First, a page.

It's also interesting how few people have tried the two other sizes of foamies. The large ones are too big for my ears, but for some they may be better. I find the with the very small sized foamies, I can get an excellent seal if I insert them very deeply into the canal (further than the triflange or medium foamie could go) and fantastic overall sound, but then I am talking about 4p's and not 4s's.
post #4 of 27
I also think that I get more bass and better isolation from my foamies! I am glad you managed to find your sweetspot though. Many people struggle to do so.
post #5 of 27
I get good bass from both foames and tri-flanges. The tri-flanges probably give the better overall sound but tend to need deeper insertion and slip and need repositioning whereas the foamies are less hassle once they are in but need replacing more often. I don't tend to use either now because my ER4custom molds isolate better, sound better, are washable and never need adjusting.

Well done on finding the ety bass; judging by the number of people who post that Etys have weak bass/no bass it must be an elusive target, but well worth the persistance to get everything sounding right.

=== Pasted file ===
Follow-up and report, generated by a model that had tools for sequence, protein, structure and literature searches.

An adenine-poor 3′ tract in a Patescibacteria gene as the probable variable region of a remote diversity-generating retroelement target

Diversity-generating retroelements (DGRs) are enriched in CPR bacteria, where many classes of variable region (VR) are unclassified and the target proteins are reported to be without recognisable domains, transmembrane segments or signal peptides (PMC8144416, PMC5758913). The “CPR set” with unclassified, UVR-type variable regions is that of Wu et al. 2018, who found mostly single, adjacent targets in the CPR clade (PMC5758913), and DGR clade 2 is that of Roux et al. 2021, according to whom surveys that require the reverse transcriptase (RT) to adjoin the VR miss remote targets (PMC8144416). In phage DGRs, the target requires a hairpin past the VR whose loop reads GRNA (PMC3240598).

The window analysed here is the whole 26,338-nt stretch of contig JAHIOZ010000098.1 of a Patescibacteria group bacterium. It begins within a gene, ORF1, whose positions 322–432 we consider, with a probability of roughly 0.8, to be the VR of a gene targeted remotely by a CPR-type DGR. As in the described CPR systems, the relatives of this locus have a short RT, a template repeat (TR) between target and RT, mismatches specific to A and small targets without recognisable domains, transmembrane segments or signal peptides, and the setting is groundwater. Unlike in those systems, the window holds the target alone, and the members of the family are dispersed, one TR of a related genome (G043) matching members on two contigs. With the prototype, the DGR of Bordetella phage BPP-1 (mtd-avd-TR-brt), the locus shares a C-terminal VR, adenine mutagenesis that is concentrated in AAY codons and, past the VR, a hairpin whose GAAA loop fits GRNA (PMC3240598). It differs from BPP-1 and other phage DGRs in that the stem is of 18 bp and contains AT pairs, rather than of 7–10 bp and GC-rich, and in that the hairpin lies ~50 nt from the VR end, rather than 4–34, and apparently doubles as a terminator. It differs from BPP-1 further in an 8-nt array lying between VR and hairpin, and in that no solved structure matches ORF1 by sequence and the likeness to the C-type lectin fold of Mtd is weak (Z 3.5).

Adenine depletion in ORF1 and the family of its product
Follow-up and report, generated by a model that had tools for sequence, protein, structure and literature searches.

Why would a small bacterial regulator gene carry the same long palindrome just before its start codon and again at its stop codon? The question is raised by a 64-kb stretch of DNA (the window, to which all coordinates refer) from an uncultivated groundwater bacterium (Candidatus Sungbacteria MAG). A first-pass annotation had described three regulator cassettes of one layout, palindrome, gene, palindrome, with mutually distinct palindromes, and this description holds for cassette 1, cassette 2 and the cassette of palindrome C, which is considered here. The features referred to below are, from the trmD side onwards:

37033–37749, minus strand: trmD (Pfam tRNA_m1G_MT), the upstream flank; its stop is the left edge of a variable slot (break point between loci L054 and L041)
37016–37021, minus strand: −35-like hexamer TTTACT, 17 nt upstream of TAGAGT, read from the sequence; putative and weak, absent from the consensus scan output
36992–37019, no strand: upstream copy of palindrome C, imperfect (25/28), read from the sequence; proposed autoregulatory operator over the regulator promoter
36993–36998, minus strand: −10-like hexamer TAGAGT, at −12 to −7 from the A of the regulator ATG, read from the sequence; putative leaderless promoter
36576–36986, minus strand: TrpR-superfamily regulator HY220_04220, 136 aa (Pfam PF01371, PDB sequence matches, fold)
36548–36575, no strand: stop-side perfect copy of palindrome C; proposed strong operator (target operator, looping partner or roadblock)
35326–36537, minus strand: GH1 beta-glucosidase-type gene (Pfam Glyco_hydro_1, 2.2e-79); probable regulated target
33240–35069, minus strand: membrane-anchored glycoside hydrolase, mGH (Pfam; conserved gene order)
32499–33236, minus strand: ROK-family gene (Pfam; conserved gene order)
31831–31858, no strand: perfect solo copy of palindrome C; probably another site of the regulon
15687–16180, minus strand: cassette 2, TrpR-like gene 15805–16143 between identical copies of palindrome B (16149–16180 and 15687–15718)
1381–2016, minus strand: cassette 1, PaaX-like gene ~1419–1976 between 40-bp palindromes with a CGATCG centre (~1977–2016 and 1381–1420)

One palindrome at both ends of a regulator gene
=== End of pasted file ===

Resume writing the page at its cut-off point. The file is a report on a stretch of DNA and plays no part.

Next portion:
post #6 of 27
While there may be numerous methods in which the bass can be improved, it will never have the same impact as a pair of cans like my Grados or Sennheisers.
post #7 of 27
Somebody suggested to me that I try the LARGE foamies (a sample is available from Etymotic if you ask)....even though they look HUGE, they can be squeezed down to size, and man, there is a noticeable bass improvement compared to the normal foams. Worth a try if you already like the foamies.
post #8 of 27
Are these the big yellow ones?
post #9 of 27
There was a long thread about a year or two ago where it was suggested that you take a triple flange insert and snip off the smallest of the three flanges. This produced very much improved bass. A number of people tried it and raved about it. I haven't tried it yet, though.
post #10 of 27
Put ur thumb in your ear - IEM's should go no ferther than that - you get best bass reponse that way. Basicly it should only just seal - if you push it in too much - sometimes that can cause sealing and pressure probs - that make sound worse.
post #11 of 27
I use those:

they are for the shure iems and come in 3 sizes. The small fit nice and hurt less than the triflanges; they also last longer than the foamies. Link:
http://earphonesolutions.com/shpanewsofls.html
post #12 of 27
i have tried it all with the ER-4P/S, and the best bass still came from the Ety foamies. I guess the shape, and size of my ear canals just don't work well with any tri-flange tips!
post #13 of 27

Fit

It seems fit is a personal thing. Whatever works for you.
post #14 of 27